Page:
In terms of the narrative trajectory, the ups and downs occur basically as expected, with Paige wrestling (sorry) with self-doubt at a crucial late-stage moment, little of it proving surprising ahead of her final big-league push.
The resulting third-act finale is a fascinating yet slightly iffy recreation of Paige’s 2014 Raw debut match, re-enacted in front of an actual live WWE crowd with current WWE roster member Zelina Vega filling in for Paige’s opponent, long-departed superstar AJ Lee. Even accepting Vega’s middling resemblance to Lee beyond the obvious superficialities, it’s a blatant hamming-up of the real match, and as such will likely prove more effective for casuals than the hardcore set.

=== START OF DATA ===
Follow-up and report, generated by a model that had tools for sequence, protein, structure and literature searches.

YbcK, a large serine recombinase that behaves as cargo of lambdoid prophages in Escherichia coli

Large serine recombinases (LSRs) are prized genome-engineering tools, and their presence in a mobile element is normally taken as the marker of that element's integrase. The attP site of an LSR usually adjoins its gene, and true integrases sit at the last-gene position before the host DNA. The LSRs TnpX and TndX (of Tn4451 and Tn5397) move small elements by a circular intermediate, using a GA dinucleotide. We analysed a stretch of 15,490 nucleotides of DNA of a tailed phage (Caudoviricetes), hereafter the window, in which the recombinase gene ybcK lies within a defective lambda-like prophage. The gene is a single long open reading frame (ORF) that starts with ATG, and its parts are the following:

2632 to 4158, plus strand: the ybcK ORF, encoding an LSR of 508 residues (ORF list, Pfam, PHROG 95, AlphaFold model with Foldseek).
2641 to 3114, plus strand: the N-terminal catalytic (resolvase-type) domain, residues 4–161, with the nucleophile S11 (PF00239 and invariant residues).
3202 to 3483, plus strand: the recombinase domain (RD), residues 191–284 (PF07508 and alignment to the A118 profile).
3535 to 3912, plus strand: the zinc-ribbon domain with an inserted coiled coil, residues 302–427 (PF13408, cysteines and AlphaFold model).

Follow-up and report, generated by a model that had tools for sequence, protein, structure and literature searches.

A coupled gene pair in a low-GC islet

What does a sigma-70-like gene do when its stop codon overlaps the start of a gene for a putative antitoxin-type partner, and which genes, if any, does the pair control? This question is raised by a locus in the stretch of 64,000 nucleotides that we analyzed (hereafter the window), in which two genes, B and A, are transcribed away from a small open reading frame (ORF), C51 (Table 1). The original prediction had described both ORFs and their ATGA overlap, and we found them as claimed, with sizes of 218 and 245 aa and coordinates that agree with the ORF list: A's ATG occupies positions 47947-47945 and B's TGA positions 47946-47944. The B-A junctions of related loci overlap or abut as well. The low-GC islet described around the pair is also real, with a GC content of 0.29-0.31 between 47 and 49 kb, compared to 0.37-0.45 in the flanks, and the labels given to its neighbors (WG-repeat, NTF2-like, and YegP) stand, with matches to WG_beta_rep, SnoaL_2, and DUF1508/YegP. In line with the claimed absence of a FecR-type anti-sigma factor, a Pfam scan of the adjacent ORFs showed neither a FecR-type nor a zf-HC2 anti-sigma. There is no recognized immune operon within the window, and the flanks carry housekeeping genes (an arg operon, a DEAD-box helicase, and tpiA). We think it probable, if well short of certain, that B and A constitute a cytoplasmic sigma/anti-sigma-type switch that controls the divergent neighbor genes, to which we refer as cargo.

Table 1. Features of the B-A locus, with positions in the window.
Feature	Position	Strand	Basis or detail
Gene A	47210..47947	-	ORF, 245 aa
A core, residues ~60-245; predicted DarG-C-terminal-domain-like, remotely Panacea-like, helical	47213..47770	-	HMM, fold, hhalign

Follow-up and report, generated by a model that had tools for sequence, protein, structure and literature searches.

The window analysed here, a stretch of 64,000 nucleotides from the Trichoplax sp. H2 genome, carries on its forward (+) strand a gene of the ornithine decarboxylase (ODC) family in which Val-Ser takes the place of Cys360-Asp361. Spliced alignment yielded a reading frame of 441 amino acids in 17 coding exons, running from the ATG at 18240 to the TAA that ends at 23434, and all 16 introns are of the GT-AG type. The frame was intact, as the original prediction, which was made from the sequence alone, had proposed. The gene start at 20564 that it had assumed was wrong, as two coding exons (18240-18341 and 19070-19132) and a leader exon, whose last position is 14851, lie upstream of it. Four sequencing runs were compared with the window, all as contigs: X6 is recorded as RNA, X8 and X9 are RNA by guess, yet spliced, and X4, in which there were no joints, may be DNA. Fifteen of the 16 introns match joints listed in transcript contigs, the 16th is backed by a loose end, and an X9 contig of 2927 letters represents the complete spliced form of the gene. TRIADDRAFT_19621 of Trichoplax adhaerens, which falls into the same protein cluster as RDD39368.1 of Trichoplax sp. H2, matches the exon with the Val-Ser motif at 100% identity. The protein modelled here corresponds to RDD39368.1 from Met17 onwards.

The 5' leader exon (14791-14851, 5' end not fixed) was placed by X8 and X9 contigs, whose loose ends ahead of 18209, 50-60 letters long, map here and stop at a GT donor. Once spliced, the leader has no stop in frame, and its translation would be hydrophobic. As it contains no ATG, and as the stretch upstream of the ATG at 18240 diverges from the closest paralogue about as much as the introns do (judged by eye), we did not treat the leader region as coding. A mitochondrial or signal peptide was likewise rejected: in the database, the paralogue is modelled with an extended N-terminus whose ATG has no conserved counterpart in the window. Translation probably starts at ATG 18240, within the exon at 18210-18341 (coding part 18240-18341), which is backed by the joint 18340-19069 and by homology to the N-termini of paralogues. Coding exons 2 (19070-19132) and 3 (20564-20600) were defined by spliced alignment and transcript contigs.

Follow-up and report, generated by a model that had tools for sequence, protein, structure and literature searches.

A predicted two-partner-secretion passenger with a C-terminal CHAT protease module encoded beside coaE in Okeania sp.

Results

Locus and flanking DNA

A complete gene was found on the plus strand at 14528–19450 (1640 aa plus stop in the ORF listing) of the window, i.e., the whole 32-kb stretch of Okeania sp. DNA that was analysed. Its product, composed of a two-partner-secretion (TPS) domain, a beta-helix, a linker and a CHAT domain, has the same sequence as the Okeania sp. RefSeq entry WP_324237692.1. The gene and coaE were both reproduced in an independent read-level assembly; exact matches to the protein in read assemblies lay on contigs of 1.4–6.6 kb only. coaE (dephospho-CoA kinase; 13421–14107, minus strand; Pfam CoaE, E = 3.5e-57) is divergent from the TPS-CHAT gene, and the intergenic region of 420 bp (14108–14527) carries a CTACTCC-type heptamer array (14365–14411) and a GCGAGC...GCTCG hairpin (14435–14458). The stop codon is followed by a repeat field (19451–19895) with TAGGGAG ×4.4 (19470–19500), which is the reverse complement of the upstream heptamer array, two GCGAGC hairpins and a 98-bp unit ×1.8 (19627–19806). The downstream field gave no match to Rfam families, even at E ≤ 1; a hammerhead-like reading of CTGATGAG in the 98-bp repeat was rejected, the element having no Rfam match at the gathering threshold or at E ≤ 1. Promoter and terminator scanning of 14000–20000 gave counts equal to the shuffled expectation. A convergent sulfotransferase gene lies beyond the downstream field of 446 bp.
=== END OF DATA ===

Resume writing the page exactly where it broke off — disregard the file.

But the movie’s heart is always in the right place even in its spottier moments – save perhaps for a People’s Eyebrow-raising sex tape joke that clearly should’ve been cut (as Paige herself had a sex tape leak back in 2017, mere weeks after this scene was shot). Credit to Merchant, who despite not being a prior fan of the sport himself, deftly tackles the subject matter with both respect and good humour.
Even though the film glosses over significant passages of Paige’s story – namely her sudden retirement last year due to injury, which goes completely unmentioned – Merchant and his cast filter the necessary beats through a lens both snappy and agreeably weird, making them feel just fresh enough.
Fighting with My Family is a broad-skewing but satisfying underdog sports romp for fans and non-fans alike, enlivened by great performances and some surprisingly nuanced writing.
Flickering Myth Rating – Film: ★ ★ ★ / Movie: ★ ★ ★ ★
Shaun Munro – Follow me on Twitter for more film rambling.